Michael Wolff is laughing, if not gloating, all his way to the bank. Money bags are singing; bank accounts are being filled. Doubts about the free publicity his work on the Trump White House would receive would have abated with the tweeting complex that is the current and singular US president, one Donald J. Trump. Call something fake, and it’s bound to sell. “Wolff’s brand of journalism might be ugly,” observe Nausicaa Renner and Pete Vernon, “prioritizing access over accountability – but it’s the perfect match for the Trump era.”
It began with an excerpt in the New York magazine from Fire and Fury: Inside the Trump White House. Wolff’s picture was not flattering, but hardly surprising. Trump did not expect to win, nor did his team. Losing, in fact, was the order of the day, and losing would be a springboard for eternal celebrity. “Not only would Trump not be president, almost everyone in the campaign agreed, he should probably not be.”
Strategist Steve Bannon naturally comes across as the bomb throwing desperado, cynical but determined. Special attention is given to his views of a meeting between Donald Trump, Jr. and various members of the Trump campaign with a Russian lawyer possessing electoral gold on Hillary Clinton. This, according to Bannon, was “treasonous and unpatriotic”.
The link with Russia and the conduct of Don Jr. piqued Bannon’s interest as relevant to possible money laundering. All bets were off on the Trump family, and Bannon went in for the kill. “They’re going to crack Don Junior like an egg on national TV.”
Wolff’s portrait prompted Trump to take to the pitchforks. “Steve Bannon has nothing to do with me or my Presidency. When he was fired, he not only lost his job, he lost his mind.” Bannon has to be distanced, isolated, estranged. Contributions were to be minimised, his legacy, obliterated. “Now that he is no his own, Steve is learning that winning isn’t as easy as I make it look.”
Watchers of Bannon would have known that the president is deemed a historical weapon and accessory, less a person of his own mind and vision than an object of necessity. In the motor of history, actors are not, nor can they be, aware in terms of the disruption they cause, or the consequences that arise from it. The verbose German philosopher G. W. F. Hegel took one look at Napoleon and realised that before the world bestrode a World Historical Individual, a somewhat bombastic variant of the hero in history.
Bannon barely sports this view of Trump, though he regards him as a vessel of some use, an assassin of historical worth, the great destabilising figure who just might throw out everything, rot and all. Bannon sees the president as a “blunt instrument for us”. Whether he “gets it or not”, a view he outlined in Vanity Fair in August 2016, was less an issue for Bannon.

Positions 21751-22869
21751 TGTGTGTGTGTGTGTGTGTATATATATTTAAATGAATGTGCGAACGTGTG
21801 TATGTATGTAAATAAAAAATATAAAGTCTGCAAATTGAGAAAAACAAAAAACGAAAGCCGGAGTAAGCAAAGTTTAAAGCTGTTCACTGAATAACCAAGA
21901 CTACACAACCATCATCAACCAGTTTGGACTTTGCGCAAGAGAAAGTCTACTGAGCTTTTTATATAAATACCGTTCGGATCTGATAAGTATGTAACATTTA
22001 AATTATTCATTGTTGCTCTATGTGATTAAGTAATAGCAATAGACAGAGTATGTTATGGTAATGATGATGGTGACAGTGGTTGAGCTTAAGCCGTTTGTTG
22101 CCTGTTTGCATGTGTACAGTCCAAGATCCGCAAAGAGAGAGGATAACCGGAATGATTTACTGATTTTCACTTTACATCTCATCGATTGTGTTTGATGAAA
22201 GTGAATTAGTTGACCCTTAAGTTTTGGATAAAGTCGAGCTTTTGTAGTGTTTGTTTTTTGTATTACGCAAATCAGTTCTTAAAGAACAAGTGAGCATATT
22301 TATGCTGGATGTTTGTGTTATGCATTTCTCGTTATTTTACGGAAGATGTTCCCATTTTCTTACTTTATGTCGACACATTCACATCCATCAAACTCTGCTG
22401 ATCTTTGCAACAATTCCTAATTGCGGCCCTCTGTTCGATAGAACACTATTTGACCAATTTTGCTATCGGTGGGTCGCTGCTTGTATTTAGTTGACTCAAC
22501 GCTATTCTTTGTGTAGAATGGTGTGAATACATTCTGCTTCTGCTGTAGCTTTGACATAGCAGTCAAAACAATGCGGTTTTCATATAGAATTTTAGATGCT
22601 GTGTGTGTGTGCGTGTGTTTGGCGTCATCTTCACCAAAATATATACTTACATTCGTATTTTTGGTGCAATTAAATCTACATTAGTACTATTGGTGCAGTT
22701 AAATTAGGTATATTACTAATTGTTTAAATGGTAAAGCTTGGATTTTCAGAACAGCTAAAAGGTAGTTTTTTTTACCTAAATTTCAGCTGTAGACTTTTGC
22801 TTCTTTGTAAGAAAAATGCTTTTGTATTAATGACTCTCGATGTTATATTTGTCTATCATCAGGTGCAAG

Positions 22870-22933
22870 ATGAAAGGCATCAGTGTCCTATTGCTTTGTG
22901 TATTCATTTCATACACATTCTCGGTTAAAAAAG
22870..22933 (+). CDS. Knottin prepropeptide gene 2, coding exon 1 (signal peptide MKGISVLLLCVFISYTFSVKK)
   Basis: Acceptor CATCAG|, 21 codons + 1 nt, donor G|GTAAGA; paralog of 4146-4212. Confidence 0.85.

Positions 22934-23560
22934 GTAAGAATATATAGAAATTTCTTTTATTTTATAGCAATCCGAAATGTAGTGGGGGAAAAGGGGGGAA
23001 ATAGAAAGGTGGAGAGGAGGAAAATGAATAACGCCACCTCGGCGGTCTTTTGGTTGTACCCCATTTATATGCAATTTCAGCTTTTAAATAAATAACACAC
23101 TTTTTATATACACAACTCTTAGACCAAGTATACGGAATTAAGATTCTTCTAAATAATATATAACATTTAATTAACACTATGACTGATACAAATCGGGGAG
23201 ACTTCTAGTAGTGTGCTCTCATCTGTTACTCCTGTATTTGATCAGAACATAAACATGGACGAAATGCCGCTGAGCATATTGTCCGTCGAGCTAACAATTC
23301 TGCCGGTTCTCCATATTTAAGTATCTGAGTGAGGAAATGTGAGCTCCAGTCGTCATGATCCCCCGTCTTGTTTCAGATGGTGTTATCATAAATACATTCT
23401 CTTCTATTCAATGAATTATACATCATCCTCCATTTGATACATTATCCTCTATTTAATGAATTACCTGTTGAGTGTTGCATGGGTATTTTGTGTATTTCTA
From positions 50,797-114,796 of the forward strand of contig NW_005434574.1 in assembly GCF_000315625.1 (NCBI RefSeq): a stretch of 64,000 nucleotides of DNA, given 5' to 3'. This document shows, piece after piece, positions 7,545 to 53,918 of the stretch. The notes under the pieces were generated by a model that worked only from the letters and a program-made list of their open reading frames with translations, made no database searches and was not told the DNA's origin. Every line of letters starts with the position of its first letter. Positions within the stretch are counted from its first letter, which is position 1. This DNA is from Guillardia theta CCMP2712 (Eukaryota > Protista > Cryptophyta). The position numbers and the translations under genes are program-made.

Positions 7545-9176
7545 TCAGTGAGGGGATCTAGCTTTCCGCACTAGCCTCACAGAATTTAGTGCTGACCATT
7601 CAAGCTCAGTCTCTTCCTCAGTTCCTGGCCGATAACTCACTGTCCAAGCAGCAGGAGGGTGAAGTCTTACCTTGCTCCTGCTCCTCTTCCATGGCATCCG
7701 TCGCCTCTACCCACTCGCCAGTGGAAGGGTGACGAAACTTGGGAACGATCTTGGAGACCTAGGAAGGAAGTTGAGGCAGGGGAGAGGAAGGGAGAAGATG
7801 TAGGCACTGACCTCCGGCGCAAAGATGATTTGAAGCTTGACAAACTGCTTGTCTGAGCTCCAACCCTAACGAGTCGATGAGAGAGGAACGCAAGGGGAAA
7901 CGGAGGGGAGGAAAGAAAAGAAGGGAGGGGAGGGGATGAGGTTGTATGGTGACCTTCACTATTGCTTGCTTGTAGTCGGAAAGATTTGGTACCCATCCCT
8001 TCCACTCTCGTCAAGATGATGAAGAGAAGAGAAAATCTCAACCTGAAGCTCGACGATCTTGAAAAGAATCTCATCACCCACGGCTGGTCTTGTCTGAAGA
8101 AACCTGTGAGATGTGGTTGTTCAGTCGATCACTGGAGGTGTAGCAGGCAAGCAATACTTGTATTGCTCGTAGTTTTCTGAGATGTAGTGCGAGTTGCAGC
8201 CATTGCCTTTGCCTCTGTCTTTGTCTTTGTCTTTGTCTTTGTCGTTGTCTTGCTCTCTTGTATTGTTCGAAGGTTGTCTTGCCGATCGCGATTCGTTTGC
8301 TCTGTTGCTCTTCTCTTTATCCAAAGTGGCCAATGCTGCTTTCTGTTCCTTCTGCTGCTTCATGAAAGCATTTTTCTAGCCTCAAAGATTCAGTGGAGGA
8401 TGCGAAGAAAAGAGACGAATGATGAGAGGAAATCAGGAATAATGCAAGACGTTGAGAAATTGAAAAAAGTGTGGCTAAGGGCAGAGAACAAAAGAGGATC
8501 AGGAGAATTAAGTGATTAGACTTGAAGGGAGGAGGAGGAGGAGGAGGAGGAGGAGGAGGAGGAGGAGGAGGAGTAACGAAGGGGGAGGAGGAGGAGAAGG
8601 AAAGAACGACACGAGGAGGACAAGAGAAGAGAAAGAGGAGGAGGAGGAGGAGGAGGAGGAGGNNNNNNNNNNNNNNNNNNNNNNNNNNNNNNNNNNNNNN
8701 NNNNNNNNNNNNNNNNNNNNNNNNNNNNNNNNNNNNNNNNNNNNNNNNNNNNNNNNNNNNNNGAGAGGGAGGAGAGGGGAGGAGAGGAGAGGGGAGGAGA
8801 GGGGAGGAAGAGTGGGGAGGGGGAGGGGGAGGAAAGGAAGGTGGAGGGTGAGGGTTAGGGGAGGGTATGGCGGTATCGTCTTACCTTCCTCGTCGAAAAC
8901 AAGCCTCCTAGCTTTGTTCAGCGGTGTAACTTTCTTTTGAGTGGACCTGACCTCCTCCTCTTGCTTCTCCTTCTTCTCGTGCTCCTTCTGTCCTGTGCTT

Since the miasmic effects of the Wolff’s revelations, Bannon has taken a few backward steps. On this prickly road, he as adopted a position of contrition, buttering and even ingratiating the family he has, at points, regarded with scorn. (Blunt instruments can only rise so far.)
“President Trump,” he explains to Axios, “was the only candidate that could have taken on and defeated the Clinton apparatus. I am the only person to date to conduct a global effort to preach the message of Trump and Trumpism; and remain ready to stand in the breach for this president’s efforts to make America great again.”
Bannon is hardly differing in his current approach, his meandering apologetics smoothing their way towards his sponsor. So he had a brain freeze, or, perhaps better, something of an ultra-patriotic meltdown. He issues a salient reminder that the Trump agenda is there to be embraced, and that he has been rather good in doing so, spreading it like an enthusiastic foot soldier through “national radio broadcasts, on the pages of Breitbart News and in speeches and appearances from Tokyo and Hong Kong to Arizona and Alabama.”
And what about those comments about Donald Trump, Jr. and the ever cloying Russian connection? “My comments about the meeting with Russian nationals came from my life experiences as a Naval officer stationed aboard a destroyer whose main mission was to hunt Soviet submarines, to my time at the Pentagon during the Reagan years when our focus was the defeat of ‘the evil empire’ and to making films about Reagan’s war against the Soviets and Hillary Clinton’s involvement in selling uranium to them.”
His ire was not against the younger Trump of green folly but against Paul Manafort, devil incarnate, “a seasoned campaign professional with experience and knowledge of how the Russians operate. He should have known they are duplicitous, cunning and not our friends.”
Whether this papering over is of any effect is beside the point. Bannon and Trump are linked, bound by an insurgency that rocked, and continues to unsettle the furniture from the White House to the Pentagon. Washington continues being rattled and shaken. It is an unsettling event that is bound to continue beyond the relationship, Trump always an echo of the man who proved indispensable in jimmying the safe to the White House open.
Dr. Binoy Kampmark was a Commonwealth Scholar at Selwyn College, Cambridge. He lectures at RMIT University, Melbourne. Email: [email protected]